What analysts have discovered is fitness enthusiasts are not letting their fitness goals fall by the wayside because they are stuck at home. In fact, this became an opportunity for fitness equipment manufacturers to tap into the market as an increased number of people are now motivated to develop a home fitness routine that can extend beyond social distancing mandates. Precautionary healthcare, coupled with increasing preference for customized workout regimes (including workout timing) and a comfortable home-friendly environment, is increasing the demand for home fitness equipment, as the customers are keen to exercise daily.
So what does that mean for the bottom line in our industry? Here are some numbers. The home fitness equipment market was valued at $16,423.69 million in 2020, and it is projected to register a CAGR of 2.75% during the forecast period, 2021-2026. That’s some big bucks.
Besides COVID there are other influences that have pushed consumers into their own garages to work out. A busy schedule and crowded fitness centers with parking problems have pushed once religiously facility-dedicated fitness buffs into home workouts. Having your own equipment a few steps away eliminates the inconvenience of commuting to a gym to use the machines and with gas prices going through the roof it has become a highly cost-effective option.
But is this a good thing in the long run? I’m not so sure. Humans, because of necessity, developed into social beings over the centuries. Dependence on and cooperation with each other enhanced our ability to survive under harsh environmental circumstances. Although the survival threats of these circumstances have lessened in today’s world, people continue to have a need to affiliate with others. Indeed, the lack of such connections can lead to many problems, including loneliness and depression.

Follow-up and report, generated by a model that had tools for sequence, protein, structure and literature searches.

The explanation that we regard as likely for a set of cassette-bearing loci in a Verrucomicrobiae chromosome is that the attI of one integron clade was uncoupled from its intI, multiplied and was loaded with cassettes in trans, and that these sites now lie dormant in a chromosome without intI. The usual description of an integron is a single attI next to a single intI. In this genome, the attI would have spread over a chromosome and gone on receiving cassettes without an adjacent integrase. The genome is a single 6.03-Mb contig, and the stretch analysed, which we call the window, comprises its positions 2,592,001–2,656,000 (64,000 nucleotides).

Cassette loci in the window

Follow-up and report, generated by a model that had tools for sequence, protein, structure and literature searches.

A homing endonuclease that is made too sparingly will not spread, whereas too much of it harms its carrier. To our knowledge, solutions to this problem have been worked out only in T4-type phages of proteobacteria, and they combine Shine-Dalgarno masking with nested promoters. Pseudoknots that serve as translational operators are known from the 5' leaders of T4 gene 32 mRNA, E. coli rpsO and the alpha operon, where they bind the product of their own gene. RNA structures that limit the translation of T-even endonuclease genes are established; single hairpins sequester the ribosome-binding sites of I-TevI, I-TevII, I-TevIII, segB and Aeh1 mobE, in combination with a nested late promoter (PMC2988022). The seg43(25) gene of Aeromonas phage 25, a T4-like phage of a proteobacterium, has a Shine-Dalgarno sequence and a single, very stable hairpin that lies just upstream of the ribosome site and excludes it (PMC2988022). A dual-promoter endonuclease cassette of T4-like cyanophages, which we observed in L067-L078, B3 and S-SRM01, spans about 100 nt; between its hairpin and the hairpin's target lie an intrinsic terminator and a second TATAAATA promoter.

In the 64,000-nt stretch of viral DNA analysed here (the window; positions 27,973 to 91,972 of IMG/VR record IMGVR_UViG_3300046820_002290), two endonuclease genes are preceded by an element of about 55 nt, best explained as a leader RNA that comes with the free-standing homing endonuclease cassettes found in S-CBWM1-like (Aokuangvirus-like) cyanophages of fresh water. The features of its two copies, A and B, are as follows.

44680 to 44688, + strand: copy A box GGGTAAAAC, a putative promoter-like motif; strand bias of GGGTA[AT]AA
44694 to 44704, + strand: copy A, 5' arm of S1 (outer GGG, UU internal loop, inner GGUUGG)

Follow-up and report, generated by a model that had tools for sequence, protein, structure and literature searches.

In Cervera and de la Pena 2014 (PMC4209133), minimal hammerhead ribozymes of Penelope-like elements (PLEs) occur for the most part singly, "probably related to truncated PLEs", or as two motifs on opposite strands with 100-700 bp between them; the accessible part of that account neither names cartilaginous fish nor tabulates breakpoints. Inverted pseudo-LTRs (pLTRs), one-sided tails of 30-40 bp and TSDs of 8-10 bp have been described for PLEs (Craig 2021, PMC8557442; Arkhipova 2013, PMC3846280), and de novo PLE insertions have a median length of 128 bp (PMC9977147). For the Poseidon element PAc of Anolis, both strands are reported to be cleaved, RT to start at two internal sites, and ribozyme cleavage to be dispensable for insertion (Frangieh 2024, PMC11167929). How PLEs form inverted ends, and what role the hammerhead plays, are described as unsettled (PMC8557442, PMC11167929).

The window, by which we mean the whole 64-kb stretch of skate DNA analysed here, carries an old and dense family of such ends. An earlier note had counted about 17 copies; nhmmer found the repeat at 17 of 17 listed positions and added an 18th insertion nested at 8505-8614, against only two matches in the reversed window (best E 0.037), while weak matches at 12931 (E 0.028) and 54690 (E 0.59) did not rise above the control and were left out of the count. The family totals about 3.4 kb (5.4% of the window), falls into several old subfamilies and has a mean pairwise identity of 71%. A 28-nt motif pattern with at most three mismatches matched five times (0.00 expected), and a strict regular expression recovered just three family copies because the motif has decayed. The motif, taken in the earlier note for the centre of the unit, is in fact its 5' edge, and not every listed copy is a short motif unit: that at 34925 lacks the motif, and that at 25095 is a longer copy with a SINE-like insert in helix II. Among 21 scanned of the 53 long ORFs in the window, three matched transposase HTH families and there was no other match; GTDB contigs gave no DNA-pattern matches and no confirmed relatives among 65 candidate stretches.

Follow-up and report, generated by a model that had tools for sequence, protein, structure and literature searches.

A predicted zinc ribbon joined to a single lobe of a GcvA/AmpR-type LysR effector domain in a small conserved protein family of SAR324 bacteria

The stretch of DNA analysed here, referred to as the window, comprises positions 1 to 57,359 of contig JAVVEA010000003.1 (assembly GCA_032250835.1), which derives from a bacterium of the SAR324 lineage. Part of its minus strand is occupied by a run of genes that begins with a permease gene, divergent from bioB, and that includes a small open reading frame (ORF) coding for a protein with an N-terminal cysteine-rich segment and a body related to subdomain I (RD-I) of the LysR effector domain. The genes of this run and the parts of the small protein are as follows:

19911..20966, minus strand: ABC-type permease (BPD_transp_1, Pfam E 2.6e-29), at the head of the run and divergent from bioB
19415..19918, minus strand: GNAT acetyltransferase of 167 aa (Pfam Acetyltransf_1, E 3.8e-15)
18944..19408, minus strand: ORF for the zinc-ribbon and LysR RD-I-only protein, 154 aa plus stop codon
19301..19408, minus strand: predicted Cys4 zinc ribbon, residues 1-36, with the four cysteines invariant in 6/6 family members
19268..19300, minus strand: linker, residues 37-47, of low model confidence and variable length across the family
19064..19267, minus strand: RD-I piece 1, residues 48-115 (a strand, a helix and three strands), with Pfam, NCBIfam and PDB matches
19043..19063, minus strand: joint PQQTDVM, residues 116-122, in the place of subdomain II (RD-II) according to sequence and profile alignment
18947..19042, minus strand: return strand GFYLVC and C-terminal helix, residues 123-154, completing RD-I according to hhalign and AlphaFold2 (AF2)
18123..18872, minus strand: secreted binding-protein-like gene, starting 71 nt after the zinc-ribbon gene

That guy that spots for you at the free weights might be the same guy you share a beer and some conversation with after the gym. Fundamentally, it doesn’t matter how technologically sophisticated we become; emotional connectivity remains a core part of being human.
It’s not so good to be alone, and there’s something about being in the friendly atmosphere of your local gym that fills a need you won’t find on a TV screen or in the emptiness of your converted garage. We need each other—maybe not in the ways that characterized us when we were living in caves, but we still need each other in a way that remains essential for psychological survival.
So do your live stream ZOOM and get a Peloton for your garage, but don’t forget about your local gym and the friendly folks who have used the COVID era to instigate some new standards at their facilities like upgraded cleanliness, health-oriented fitness, and physical and mental well-being. Most of the gyms I know are doing their best to keep you fit AND safe.
Patrick Craig has worked in the Marketing Industry for the past twenty years. He is a published author and has written extensively about the fitness industry, particularly the gym software aspect of it. He has been with Money Movers, Inc. for the last six years where he serves as the Marketing and Operations Manager, web designer and coder, and maintains the custom websites Money Movers, Inc. develops for their Online Business Manager gym software clients.